Using notes when presenting – best practice
How do you handle a Question and Answer session?
Acronyms are everywhere and they can be really useful for us as communicators but if we use them incorrectly they can stop us achieving our speaking goals too.
In this blog article, we answer the question: 'How do you use acronyms in presentations?'. We take a quick look at what acronyms are, how to use them to improve your communication as a presenter, as well as what to avoid doing with acronyms in your next presentation.
What is an acronym?
An acronym is a shortened version of a word or phrase that is usually formed from the first letters of the words within the phrase.
There are many day-to-day acronyms that you may be familiar with:
BBC - British Broadcasting Corporation
POTUS - President of the United States
RADAR - Radio Detection and Ranging
What makes a good acronym?
The most memorable acronyms are around five letters long. Five letters (and then extrapolating out from them) is an ideal length for storage within our short and then long term memory. Any longer and the mental effort required to remember and translate the acronym becomes challenging for our audience and slows down our communication.
The best acronyms also read as words in their own right, for example ‘RADAR’. Acronyms that read as words are easier for us to learn and recall as they follow familiar patterns, rather than simply being a string of apparently random letters (such as ITYFRE!).
Finally, great acronyms are useful and relevant. There is little point developing an acronym for a phrase that is rarely used. The mental effort required to recall the acronym on the few occasions that it is required will be greater than simply remembering the original phrase itself!
Our most familiar acronyms have spread, and are useful, because they are frequently used and repeated across our communications.
When are acronyms useful?
Acronyms are most useful when they speed up our communications.
To speed up our communications, our audience must be aware of, and know, what the acronyms stands for.
Using acronyms not only speeds up our communication, but can create a sense of belonging or community amongst an audience and a connection between the speaker and the audience. They are bonded by their shared knowledge and understanding of what the acronym means.
It is for this reason that subcultures often develop their own slang, terms and acronyms. This unique language helps to form their identity.
When are acronyms not useful?
Acronyms are not useful when they are not recognised or known by the audience. If this occurs, then our communication is often slowed down as the audience spends a disproportionate amount of time translating the acronyms within the speech or presentation. (That is if they can successfully translate the acronym at all!)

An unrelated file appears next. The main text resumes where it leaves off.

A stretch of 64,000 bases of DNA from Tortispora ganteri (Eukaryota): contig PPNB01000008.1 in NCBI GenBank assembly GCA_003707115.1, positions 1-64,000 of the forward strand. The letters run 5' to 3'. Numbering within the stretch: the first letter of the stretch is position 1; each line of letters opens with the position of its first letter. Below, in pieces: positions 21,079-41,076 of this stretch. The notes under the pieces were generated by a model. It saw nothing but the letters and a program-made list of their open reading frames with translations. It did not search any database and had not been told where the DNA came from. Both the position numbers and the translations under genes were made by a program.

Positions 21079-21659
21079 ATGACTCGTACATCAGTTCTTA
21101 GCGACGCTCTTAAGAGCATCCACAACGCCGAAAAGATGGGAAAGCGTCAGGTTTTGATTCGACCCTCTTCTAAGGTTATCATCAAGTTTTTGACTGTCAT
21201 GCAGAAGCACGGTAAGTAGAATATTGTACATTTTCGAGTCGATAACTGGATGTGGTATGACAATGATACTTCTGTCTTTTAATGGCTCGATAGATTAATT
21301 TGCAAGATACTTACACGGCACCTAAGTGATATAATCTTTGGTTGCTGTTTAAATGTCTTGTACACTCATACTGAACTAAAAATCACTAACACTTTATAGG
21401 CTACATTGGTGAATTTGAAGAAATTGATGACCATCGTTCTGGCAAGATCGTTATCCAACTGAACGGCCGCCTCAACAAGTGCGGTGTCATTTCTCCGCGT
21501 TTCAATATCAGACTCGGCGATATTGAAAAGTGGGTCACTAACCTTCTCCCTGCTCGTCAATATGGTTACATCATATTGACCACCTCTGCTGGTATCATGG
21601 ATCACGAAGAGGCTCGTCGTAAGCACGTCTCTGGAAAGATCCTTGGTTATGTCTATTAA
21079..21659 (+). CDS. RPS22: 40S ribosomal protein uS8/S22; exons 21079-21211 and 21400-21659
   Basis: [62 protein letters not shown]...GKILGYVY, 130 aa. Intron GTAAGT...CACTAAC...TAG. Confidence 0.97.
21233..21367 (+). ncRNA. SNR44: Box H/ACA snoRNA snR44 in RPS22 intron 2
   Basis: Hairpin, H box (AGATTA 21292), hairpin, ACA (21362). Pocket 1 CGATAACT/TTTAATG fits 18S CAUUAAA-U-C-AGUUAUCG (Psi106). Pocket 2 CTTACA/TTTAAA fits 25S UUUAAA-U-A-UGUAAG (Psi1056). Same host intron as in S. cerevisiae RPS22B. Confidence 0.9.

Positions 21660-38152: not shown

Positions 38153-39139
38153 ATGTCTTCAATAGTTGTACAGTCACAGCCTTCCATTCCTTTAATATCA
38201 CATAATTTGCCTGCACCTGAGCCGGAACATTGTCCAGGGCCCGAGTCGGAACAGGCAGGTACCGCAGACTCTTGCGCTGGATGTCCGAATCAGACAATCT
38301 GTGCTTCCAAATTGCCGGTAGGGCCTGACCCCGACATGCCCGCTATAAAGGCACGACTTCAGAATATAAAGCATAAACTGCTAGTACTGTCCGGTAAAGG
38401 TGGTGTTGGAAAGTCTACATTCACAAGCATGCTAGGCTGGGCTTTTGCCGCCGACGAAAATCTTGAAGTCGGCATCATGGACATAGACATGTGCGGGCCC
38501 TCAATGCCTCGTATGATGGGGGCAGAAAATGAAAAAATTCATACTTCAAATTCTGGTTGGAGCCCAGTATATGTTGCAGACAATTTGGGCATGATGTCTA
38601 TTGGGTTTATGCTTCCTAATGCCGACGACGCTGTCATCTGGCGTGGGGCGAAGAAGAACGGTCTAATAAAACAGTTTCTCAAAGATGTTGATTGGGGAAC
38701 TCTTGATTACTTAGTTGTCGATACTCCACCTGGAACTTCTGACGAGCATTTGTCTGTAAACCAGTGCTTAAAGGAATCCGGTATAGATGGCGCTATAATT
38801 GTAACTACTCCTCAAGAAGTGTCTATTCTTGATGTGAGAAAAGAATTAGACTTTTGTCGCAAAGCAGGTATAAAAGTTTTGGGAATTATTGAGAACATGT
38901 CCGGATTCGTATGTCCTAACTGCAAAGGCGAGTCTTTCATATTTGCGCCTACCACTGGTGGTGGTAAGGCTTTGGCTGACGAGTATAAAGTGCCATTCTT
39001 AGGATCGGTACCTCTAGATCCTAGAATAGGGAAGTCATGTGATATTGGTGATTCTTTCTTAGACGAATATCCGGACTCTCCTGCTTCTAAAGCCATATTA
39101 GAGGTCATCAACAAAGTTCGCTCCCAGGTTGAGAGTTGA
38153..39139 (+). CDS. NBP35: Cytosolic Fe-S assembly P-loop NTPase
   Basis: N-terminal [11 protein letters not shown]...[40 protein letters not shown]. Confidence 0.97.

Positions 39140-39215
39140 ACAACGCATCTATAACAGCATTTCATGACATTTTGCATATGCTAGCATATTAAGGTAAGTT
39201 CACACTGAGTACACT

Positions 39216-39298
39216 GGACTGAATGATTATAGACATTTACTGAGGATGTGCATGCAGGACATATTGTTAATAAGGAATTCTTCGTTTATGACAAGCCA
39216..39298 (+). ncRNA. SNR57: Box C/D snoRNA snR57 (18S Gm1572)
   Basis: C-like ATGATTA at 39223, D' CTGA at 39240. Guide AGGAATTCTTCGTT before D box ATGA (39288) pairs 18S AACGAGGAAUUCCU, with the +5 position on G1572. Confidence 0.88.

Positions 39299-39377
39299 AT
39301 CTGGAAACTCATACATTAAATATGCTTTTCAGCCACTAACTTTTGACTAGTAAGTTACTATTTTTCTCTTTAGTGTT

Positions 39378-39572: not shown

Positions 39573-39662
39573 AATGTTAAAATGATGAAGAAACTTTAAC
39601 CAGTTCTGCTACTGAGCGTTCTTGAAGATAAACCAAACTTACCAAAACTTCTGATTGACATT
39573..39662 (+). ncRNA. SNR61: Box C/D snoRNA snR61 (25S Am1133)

What is the worst example of acronyms?
The example below has often been quoted across the Internet and is claimed to have been published by a US governmental agency to a public audience.
This use of acronyms is useful if speaking to a technical audience that understands them, but to us in the public domain, it is pretty unintelligible!
''In the US, the notion of an NWO became popular after the terrorist attacks on the WTC. However, officials in NATO and the WTO rarely refer to an NWO in proceedings relating to the GATT, and it can be said that the MVTO, the MFN clause, and SROs have little to do with an NWO.''
How should I use acronyms in my next presentation?
- Always check through your presentation for any acronyms or technical terms that you think your audience may not understand.
- Be prepared to define the acronyms or terms within your presentation, so that your audience can successfully follow your message.
- If you are unsure if your audience will understand the terms or acronyms that you are using within your presentation, then ask them. This will give you a good idea of how you should amend your language and use of acronyms.
- Always speak in a language and using acronyms that the least informed person in the room can understand.
Good luck, and if you want to learn more about presenting technical concepts clearly, concisely and confidently, then check out our selection of public speaking training courses here.
Watch more thoughts on acronyms from Rich
As well as reading the article below, you can also watch this blog post narrated by Rich Watts, public speaking expert and 2x national public speaking champion, all about the good, the bad and the ugly of acronyms.
To watch all our public speaking tips videos, visit the Rich Public Speaking Instagram channel here